Comic Art Made from Comic Art:
How I Got Into Comic Art
Comic Art made from Comic Art: How I Got into Comic Art
Long before I got into selling my art over Instagram, or making custom variant covers for original comic artists with an indie series, I was super-fan who just wanted to be a writer.
How I Started Making Original Comic Art… From Comic Book Art
It’s kind of a funny story how I fell into becoming a comic collage artist – it actually happened totally by accident.
It was never my intent to get into comic art in the first place; the truth is, I always wanted to be a writer and spent years tentatively exploring the idea of penning a novel of some kind or a script even.
Maybe write my own comic book one day if I was lucky.
But I never really gave it a proper go.
The Struggling Writer Days
I’d spend the better part of a summer locking myself away in our “backhouse” up north, (I use quotations because it’s basically a jazzed up shed with bunk beds and power) in a desperate attempt to shake loose a story I might actually approve of after the first read-back.
I never could get past those first three ridiculous chapters; eclectic and woven together like mismatched puzzle pieces that somehow manage to fit together by wedgeing them against one another with enough force.
I wished so badly to tell a story that could somehow include every single weird and crazy little sci-fi or fantasy idea that had been floating around my head for as long as I could remember.
I wanted to write interesting characters that people would welcome into their lives; form worlds with words and invite people to places they’d never dreamed of.
The sad truth is, re-reading it all page by page, I hated my own work; and I couldn’t possibly understand why.
My Own Writing Makes Me Cringe
I’d loved the ideas and characters as I came up with them, but each time (to this day) that I re-visit those pages – I cringe.
Each time I flip the cover open on my notebook; every time I look those words over from top-to-bottom, I hate whatever I’m reading. I’ve been told I’m a good writer – great even – and I’m not cocky about it (at least not anymore), but something always seemed to be missing.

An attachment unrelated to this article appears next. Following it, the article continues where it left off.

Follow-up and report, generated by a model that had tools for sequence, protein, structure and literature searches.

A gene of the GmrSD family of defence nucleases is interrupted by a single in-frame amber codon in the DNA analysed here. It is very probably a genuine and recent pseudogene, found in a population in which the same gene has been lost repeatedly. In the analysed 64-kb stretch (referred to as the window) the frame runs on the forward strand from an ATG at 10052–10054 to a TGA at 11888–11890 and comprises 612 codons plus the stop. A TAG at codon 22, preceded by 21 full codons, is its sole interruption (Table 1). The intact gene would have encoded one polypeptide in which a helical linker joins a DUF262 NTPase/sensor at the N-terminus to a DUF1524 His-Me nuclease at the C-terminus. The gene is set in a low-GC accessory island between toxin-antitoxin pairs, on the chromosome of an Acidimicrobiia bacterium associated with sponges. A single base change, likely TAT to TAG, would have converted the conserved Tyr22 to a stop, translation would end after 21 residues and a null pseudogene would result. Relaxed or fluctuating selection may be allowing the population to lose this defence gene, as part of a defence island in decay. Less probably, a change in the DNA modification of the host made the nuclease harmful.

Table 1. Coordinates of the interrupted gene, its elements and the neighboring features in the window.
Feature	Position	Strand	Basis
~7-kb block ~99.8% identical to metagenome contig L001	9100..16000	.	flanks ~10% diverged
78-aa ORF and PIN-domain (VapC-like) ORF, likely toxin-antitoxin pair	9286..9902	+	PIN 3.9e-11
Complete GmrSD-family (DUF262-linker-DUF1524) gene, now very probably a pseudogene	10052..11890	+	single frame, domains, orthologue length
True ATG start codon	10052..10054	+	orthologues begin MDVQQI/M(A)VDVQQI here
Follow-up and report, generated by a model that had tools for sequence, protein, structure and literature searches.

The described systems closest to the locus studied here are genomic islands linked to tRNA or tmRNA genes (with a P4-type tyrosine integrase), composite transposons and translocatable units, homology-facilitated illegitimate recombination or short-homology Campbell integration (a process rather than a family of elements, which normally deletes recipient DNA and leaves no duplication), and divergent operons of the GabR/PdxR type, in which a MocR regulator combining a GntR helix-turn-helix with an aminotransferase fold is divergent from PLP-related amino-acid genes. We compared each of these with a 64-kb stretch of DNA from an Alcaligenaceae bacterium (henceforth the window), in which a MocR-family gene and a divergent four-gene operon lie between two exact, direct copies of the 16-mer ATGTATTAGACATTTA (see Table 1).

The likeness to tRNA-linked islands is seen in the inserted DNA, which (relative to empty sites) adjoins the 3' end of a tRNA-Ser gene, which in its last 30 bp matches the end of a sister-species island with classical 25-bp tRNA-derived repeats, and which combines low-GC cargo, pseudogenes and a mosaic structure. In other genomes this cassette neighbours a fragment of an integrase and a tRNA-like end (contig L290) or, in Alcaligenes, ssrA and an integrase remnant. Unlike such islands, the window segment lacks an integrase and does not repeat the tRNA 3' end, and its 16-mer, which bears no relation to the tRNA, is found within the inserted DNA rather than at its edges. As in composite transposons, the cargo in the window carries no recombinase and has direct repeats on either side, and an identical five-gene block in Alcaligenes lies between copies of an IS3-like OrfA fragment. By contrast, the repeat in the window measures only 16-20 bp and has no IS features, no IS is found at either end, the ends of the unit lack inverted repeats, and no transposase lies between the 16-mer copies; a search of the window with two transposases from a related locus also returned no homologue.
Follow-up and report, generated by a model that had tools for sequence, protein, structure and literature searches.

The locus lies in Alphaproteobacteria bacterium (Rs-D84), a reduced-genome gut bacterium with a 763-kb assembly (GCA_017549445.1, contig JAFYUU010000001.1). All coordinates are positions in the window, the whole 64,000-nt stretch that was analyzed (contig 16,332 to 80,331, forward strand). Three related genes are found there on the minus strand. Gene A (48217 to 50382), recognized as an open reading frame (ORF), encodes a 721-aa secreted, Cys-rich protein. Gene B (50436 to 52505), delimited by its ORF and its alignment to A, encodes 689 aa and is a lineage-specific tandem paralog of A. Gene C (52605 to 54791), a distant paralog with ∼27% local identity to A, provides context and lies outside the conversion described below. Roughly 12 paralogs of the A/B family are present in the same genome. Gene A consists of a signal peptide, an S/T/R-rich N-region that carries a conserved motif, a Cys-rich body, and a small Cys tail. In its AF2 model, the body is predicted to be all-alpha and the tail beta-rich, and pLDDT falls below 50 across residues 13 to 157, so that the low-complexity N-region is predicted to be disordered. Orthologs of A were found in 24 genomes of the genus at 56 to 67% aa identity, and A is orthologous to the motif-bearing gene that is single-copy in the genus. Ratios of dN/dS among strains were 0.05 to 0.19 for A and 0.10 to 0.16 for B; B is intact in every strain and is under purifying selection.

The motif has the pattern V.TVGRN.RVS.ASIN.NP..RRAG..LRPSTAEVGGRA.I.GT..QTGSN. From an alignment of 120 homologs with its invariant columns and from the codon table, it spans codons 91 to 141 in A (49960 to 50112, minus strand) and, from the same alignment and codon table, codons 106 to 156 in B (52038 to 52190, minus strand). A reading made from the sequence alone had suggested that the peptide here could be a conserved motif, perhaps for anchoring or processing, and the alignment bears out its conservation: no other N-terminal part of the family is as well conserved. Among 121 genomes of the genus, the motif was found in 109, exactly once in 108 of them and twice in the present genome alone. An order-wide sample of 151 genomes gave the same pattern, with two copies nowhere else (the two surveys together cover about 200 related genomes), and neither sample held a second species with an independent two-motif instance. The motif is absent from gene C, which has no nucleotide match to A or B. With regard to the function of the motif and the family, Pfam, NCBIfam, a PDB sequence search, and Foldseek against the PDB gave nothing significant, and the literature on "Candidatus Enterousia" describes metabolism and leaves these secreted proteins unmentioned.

That special thing, that spark of thought given form, the missing piece – whatever you want to call it – was just out of reach.
Flash-forward to 2022, nearly 15 years later, as I write this purely SEO-driven blog post in an effort to draw you here to my website. I still hate what it is that I am writing.
But I figured that if I’m lure you into my website with specific keywords and images to try and carve out a little bit of extra exposure for myself as an artist as I trudge my way to the top, then I may as well make the most of your time and find a cute origin story to tell you.
A story – that’s what I was missing for all of those years
But I digress.
I Always Admired the Comics Pros
For as long as I could remember, the comic book pros – professionally contracted people by large comic publishers like Marvel and DC who wrote the comics and illustrated the comic art – were like gods to me.
The Gods of Comics
Legendary comic book writers and artists like Frank Miller and Jim Lee – the gods of comics – were my idols.
Any time a new issue would come out or there was news about a potential crossover event, I’d run to whichever store was closest to me that actually sold comics and search out whatever flicker of a lead I could. Unfortunately, most of my questions would usually go unanswered.
Comic Book Art Doesn’t Really Come to Small Towns
I grew up in a small town that didn’t have a comic book store – and for most of my childhood and adolescence I didn’t have internet either.
I’d have to wait for updates from my friends at school or at best when I went over to their houses.
People getting into comics in 2022 have no idea how good they’ve got it.
People getting into comics in 2022 have no idea how good they’ve got it.
Back in the early 2000’s, you couldn’t go on Youtube and search for comic book reviews. People like Danny Malt, Comics Explained, Comic Pop and Comicstorian didn’t exist yet.
I mean, eBay was pretty big and people were constantly selling comics online, but you usually needed a parent’s credit card to order anything online – let alone comics.